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Survivors face social injustice

Hurricane survivors are often caught in a complex web of social injustice - and there is no "cookie-cutter" approach to helping them, said advocates this week.

BY SUSAN KIM | BALTIMORE | December 5, 2005


"What we know is that charity is not justice."

—Sandy Bernabei


Hurricane survivors are often caught in a complex web of social injustice - and there's no "cookie-cutter" approach to helping them, said advocates this week.

Caseworkers in local storm-stricken communities need to be vigilant about what their clients may be facing in collective terms - whether that means the lack of affordable housing, structural racism, or the obliteration of community character. Without looking at this wider web of issues, caseworkers risk exposing hurricane survivors to a myopic view that stunts long-term recovery.

But every few miles over a massive geographic area, the issues change.

In Biloxi, Miss., land speculators are putting pressure on low-income residents faced with financial uncertainty, observed Reilly Morse, a Gulfport-based attorney working with the Mississippi Center for Justice.

"People living in broken-down houses or in trailers are hung up in financial limbo. One of the most heavily devastated low-income areas is at the eastern end of Biloxi," Morse explained.

Hurricane Katrina so badly devastated the nearby casinos that legislators have newly authorized land-based casinos, changing a policy that once mandated casinos be located offshore. Sites 800 feet inland from a previously approved casino location are now eligible to be developed. And now there are a lot of high-pressure land speculators combing Biloxi, said Morse. "That puts into play a large area of eastern Biloxi. It could take a huge bite out of that part. Folks are faced with situations where land speculators are recognizing the drastic straits people are in and trying to make deals."

Unless caseworkers see themselves as advocates for social justice, they risk inadequately serving hurricane survivors, explained Sandy Bernabei, a social worker and founder of the New York City-based Anti-Racist Alliance. "People will respond to emergency needs and deliver charity," she said. "What we know is that charity is not justice. So many well-intentioned people will move forward, and they will give, and they will help to rebuild without a clear understanding of the structures that created racism and poverty."

Bernabei urges caseworkers to see themselves as agents of social change. "While we are rebuilding, while we are delivering services, we must grow in a sophisticated way to make the structural, political and cultural changes necessary. Social workers and caseworkers are mandated to be agents of social change - but knowing how to do that on a structural level has eluded us."

The Anti-Racist Alliance, working with the Peoples Institute for Survival and Beyond, has offered training to more than 700 social workers. The alliance works with universities, faith-based groups and local communities. "We are building a framework, a collective understanding of what racism is," said Bernabei. "Social workers are now beginning to understand our role as social gatekeepers. We need to prepare social workers to be structuralists - on the policy level, on the administration level, on the case management level."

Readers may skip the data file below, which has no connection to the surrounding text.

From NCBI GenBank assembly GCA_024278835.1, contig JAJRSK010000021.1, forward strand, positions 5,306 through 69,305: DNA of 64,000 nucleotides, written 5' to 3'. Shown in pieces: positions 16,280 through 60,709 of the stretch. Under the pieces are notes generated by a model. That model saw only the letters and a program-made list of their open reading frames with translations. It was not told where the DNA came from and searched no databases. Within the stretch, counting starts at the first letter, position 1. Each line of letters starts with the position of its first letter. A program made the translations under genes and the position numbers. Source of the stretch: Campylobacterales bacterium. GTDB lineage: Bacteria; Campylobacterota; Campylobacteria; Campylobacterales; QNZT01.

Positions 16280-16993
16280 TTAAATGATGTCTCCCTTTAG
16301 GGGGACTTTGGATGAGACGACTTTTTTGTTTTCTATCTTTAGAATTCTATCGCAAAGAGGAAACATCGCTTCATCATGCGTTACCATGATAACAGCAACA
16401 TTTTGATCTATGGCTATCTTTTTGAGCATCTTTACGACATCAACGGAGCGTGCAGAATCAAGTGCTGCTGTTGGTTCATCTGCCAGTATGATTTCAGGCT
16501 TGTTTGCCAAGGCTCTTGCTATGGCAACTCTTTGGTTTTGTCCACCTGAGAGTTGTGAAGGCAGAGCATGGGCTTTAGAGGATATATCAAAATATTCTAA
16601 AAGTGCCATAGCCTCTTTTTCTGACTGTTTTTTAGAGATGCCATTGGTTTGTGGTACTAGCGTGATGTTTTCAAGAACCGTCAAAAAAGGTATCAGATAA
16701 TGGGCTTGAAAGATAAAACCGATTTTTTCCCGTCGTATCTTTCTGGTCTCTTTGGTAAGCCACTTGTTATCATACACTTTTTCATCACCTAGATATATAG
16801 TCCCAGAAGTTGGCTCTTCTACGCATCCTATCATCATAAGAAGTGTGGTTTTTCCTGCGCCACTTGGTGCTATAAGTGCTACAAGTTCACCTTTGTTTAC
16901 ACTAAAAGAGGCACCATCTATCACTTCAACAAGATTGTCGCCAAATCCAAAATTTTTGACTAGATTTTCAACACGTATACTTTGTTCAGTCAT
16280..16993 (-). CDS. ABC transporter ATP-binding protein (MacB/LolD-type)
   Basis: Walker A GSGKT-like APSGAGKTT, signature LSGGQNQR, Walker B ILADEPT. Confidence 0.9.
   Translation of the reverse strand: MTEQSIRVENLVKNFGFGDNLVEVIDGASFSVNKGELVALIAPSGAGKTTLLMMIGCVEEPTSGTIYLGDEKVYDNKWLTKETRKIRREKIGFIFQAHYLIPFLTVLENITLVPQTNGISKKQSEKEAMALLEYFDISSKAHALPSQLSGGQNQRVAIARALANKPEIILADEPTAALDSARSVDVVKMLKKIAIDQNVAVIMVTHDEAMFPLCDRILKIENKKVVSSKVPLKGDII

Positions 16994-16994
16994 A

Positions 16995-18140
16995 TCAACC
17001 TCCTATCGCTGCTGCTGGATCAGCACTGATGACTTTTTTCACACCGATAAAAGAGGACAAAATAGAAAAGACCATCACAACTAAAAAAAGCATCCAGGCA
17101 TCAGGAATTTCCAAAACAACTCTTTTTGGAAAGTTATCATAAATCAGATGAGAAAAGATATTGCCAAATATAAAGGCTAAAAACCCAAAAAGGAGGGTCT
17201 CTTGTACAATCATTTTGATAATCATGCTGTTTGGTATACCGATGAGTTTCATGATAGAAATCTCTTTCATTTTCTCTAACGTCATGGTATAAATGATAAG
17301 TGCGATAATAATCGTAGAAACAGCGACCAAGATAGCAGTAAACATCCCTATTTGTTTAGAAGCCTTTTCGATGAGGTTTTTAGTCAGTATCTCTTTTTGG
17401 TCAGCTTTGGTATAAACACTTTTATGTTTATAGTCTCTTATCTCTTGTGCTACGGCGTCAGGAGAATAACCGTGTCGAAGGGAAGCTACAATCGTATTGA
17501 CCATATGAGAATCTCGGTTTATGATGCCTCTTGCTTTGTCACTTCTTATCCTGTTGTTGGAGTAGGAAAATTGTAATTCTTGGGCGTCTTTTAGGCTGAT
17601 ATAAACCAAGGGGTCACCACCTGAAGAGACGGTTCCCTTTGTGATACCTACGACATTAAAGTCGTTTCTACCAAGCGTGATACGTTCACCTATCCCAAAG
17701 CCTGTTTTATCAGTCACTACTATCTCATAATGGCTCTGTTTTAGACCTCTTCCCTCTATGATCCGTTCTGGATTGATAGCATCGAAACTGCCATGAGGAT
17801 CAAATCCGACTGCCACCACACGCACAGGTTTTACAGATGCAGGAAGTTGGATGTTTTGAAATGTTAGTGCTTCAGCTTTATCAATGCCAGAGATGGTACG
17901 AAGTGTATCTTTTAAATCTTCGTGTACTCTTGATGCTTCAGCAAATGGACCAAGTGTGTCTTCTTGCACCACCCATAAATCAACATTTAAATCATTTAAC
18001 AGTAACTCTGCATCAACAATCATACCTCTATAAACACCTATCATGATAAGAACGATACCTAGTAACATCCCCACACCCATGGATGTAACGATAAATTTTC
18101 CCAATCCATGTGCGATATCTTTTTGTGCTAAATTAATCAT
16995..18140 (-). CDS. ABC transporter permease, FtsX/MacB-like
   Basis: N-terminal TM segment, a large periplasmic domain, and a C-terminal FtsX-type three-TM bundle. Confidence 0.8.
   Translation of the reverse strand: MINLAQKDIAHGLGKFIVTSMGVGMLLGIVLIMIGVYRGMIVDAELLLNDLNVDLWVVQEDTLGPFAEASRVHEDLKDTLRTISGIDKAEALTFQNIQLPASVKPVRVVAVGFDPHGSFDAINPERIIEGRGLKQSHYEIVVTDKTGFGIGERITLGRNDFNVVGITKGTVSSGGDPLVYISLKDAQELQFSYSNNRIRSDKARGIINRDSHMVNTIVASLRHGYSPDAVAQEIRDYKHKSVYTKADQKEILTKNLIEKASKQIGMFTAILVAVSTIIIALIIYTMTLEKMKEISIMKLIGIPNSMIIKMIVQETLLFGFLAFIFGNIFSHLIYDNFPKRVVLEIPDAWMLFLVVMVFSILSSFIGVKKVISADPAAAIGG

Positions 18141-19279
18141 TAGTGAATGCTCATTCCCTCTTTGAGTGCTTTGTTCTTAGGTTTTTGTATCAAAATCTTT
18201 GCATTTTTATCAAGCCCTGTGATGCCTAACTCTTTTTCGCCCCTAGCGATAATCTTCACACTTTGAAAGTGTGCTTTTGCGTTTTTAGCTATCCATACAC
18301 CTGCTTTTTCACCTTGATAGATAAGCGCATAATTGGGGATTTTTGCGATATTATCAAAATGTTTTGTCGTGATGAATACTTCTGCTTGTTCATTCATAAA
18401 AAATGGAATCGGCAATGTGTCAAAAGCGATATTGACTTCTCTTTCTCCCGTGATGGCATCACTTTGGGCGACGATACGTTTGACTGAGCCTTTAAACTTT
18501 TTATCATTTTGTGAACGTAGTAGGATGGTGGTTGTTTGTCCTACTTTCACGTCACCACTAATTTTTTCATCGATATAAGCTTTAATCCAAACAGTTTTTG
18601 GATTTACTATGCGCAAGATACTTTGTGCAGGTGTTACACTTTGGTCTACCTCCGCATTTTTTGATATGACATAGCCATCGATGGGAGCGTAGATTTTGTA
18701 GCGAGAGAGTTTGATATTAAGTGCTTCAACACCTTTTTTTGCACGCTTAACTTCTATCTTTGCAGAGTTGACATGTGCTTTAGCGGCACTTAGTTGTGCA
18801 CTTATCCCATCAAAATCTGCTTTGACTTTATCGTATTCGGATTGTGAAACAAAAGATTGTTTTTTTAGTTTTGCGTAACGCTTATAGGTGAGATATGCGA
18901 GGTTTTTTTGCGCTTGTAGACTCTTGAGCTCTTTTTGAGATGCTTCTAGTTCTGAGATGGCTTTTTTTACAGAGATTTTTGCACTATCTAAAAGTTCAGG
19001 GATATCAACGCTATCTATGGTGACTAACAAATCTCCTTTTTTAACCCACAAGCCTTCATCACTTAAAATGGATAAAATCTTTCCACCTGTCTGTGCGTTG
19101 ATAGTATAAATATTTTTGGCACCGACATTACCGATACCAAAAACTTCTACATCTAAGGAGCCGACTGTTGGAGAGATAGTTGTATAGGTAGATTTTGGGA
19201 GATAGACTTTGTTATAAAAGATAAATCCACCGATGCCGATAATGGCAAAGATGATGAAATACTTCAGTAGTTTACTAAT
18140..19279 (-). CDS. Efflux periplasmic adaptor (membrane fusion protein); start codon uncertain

The Anti-Racism Alliance focuses on training social workers, pointed out Bernabei. "But you have education, healthcare, transportation and housing. At the end of the day, what we understand is that Katrina has been a horrible tragedy, but it is also an opportunity."

Advocates are urging national and local leaders to adopt policies for rebuilding communities in ways that alleviate poverty and racism. But at least some people are urging policymakers to remember the irreplaceable character of the hurricane-wracked communities, too.

Gary Esolen, a former resident of New Orleans Lower Ninth Ward said there was a lot of poverty and difficulty in the community - but some amazingly strong cultural aspects as well.

"What you do want to preserve are the things that were amazingly strong in that culture in spite of the poverty and the difficulty - the extended family and churches."

Rebuilding plans for New Orleans need to respect the institution of the extended family, Esolen said. "Extended families are very strong. They intervene. They step in when they are needed."

Esolen is working to create a "virtual New Orleans." He envisions restoring social capital, and creating a process through which long-time residents representing the entire cultural spectrum can have a voice in the rebuilding of the city.

Meanwhile leaders from the Brookings Institution also say Hurricane Katrina has left a window of opportunity to address racism and poverty not just family-by-family but on an urban planning level.

A paper released last month by the Brookings Institution urges national leaders to take a deep look at alleviating concentrated urban poverty and segregation.

In "Katrina Window: Confronting Concentrated Poverty Across America," authors Alan Berube and Bruce Katz found that, before Hurricane Katrina hit, nearly 50,000 New Orleans residents lived in neighborhoods where the poverty rate exceeded 40 percent. New Orleans ranked second among the U.S. 50 largest cities on the degree to which its poor families - mostly African American - were clustered in extremely poor neighborhoods like the Lower Ninth Ward. There, the average household earned barely more than $20,000 annually. One in 12 adults held a college degree. Four in five children were raised in single-parent families, and four in 10 working-age adults - many of them disabled - were not connected to the labor force.


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